Many of us carry our shame and our feelings of unworthiness for much of our lives. We stay closely attached to them, we identify with them, and we have a hard time letting them go. We start to identify as being shameful people. We feel inadequate, inferior, undeserving and unworthy. We allow our shame to control us. When we learn mindfulness, we learn that we have more control over our thoughts and feelings than we thought we did, and we can direct them however we’d like in order to heal and feel better about ourselves.
We can apply mindfulness to our shame and our other difficult emotions to help ourselves process them more productively and manage them in healthier ways. Our normal ways of coping with shame were often to turn to our drugs of choice to make us feel better. We tried to use our addictions to escape our self-judgment, judgment from other people, and the pain of being judged and criticized. We were trying to distract ourselves from how disappointed we felt in ourselves. We were trying to drown our sorrows and regrets with our addictions. We learned over time that our shame never left us when we used drugs to try to avoid feeling it. Avoidance and denial only exacerbated our shame. We want to learn to be more mindful of our shame instead so that we can actively work to forgive ourselves and release all of the hurt within us.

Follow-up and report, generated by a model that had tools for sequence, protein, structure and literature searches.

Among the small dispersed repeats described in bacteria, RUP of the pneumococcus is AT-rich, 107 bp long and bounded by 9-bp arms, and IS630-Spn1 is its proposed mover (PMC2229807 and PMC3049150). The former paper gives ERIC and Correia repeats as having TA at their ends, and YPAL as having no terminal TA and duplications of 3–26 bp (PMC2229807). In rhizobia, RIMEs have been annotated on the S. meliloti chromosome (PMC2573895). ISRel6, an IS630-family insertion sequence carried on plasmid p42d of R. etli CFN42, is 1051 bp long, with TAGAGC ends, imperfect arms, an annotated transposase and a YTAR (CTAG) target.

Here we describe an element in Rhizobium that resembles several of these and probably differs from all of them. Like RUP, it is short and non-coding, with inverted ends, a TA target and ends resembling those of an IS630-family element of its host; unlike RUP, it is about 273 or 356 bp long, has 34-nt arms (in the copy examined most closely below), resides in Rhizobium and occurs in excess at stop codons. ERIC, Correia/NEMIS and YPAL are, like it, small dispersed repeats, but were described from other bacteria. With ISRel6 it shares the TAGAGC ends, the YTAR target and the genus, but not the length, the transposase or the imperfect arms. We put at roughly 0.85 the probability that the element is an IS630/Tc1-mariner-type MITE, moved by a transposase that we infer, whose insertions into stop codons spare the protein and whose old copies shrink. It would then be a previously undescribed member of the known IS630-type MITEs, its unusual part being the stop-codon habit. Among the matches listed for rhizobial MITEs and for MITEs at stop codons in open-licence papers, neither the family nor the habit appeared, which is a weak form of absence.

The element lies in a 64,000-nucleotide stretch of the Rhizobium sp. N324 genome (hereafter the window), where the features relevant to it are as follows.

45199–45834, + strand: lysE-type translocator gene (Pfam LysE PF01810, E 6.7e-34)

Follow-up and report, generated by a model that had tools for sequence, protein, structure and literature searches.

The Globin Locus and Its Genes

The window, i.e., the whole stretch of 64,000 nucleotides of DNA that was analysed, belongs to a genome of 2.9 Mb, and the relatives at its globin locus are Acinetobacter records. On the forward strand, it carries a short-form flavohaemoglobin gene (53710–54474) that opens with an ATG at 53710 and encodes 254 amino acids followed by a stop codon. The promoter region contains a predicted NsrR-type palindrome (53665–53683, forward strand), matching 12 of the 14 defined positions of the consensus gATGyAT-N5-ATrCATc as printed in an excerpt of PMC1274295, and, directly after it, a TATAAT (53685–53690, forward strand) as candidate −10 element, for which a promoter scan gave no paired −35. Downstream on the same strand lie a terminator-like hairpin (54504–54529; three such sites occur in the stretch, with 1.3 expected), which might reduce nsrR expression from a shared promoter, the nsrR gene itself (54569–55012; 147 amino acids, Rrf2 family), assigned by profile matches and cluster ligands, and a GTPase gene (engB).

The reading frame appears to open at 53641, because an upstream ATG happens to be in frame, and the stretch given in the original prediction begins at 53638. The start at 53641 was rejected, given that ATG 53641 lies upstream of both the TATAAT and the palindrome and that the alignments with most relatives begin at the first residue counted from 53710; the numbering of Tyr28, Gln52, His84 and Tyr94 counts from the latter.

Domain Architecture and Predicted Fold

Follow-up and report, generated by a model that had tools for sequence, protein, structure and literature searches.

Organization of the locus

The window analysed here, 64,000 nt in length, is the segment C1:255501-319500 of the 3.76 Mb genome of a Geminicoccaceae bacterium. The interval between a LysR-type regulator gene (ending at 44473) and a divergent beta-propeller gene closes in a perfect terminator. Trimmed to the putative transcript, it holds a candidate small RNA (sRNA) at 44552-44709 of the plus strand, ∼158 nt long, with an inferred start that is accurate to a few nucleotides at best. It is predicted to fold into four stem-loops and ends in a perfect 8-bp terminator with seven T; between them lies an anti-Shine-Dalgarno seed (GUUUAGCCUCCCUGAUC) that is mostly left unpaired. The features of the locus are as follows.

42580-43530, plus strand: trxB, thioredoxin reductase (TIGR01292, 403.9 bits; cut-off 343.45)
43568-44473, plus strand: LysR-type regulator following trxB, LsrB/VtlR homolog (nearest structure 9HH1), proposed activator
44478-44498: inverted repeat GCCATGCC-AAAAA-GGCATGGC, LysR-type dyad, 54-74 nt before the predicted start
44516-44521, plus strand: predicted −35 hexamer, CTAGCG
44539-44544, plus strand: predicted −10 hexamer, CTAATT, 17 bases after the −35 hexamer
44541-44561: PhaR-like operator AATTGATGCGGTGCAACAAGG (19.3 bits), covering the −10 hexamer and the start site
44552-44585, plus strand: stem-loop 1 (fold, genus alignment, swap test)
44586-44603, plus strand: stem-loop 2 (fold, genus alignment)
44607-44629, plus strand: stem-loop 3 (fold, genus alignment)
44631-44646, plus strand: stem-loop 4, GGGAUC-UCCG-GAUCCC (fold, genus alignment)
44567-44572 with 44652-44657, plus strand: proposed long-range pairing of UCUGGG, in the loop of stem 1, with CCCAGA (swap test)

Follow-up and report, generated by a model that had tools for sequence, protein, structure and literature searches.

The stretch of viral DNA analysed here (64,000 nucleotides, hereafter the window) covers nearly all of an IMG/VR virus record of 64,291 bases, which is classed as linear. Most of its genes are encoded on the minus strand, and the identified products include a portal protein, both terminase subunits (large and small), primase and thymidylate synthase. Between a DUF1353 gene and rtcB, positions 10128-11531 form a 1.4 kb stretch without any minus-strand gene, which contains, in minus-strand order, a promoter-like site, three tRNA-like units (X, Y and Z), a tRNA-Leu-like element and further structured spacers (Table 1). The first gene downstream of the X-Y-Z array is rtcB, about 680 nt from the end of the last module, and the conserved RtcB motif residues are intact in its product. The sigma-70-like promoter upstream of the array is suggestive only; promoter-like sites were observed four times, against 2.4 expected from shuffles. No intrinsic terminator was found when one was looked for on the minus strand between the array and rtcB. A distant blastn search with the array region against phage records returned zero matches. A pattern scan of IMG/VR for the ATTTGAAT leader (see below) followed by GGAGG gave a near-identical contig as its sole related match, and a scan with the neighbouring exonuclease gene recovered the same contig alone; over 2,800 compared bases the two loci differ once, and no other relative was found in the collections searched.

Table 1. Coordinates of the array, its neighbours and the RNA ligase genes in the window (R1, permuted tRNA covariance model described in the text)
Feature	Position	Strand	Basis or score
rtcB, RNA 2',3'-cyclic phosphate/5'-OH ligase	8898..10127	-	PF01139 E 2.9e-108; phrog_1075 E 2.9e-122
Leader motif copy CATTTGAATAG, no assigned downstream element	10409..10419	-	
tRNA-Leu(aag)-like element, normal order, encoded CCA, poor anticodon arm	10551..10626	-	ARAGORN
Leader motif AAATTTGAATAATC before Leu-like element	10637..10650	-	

Shame is debilitating, and we’re often paralyzed by it. When we feel ashamed of ourselves, we often will stay stuck, unable to change course of redirect ourselves. We very often will keep doing the things we regret, unable to implement changes in our habits, patterns and choices. With mindfulness, we can examine why we feel so ashamed in the first place, why we’re allowing it to fuel our addictions, and what we can do to turn it around. Let’s start monitoring our self-talk, and the ways in which we think and feel about ourselves and our shame. Let’s ask ourselves some questions to help ourselves confront and investigate our shame. “What am I so ashamed of? What mistakes or wrongdoings am I refusing to forgive myself for? How does my shame make me feel? Why am I refusing to forgive myself? How can I release my shame? How can I move forward? How can I forgive myself?”
Very often we were drowning ourselves in shame and self-judgment without examining the various emotional layers within. When we look deeper, we become more mindful of our emotional patterns. We start to break up the shame that was keeping us stuck and holding us hostage. We start to develop our awareness and increase our mindfulnesss, which help us to examine our shame so that we can fully process it and finally forgive ourselves.
Corner Canyon Recovery’s foundation is client-centered, relational, and empathic to the addict and their family and loved ones. We create an atmosphere of caring and respect which enables clients to feel comfortable and to settle in quickly and do the work that is necessary for recovery. Call 1-866-399-3469 today.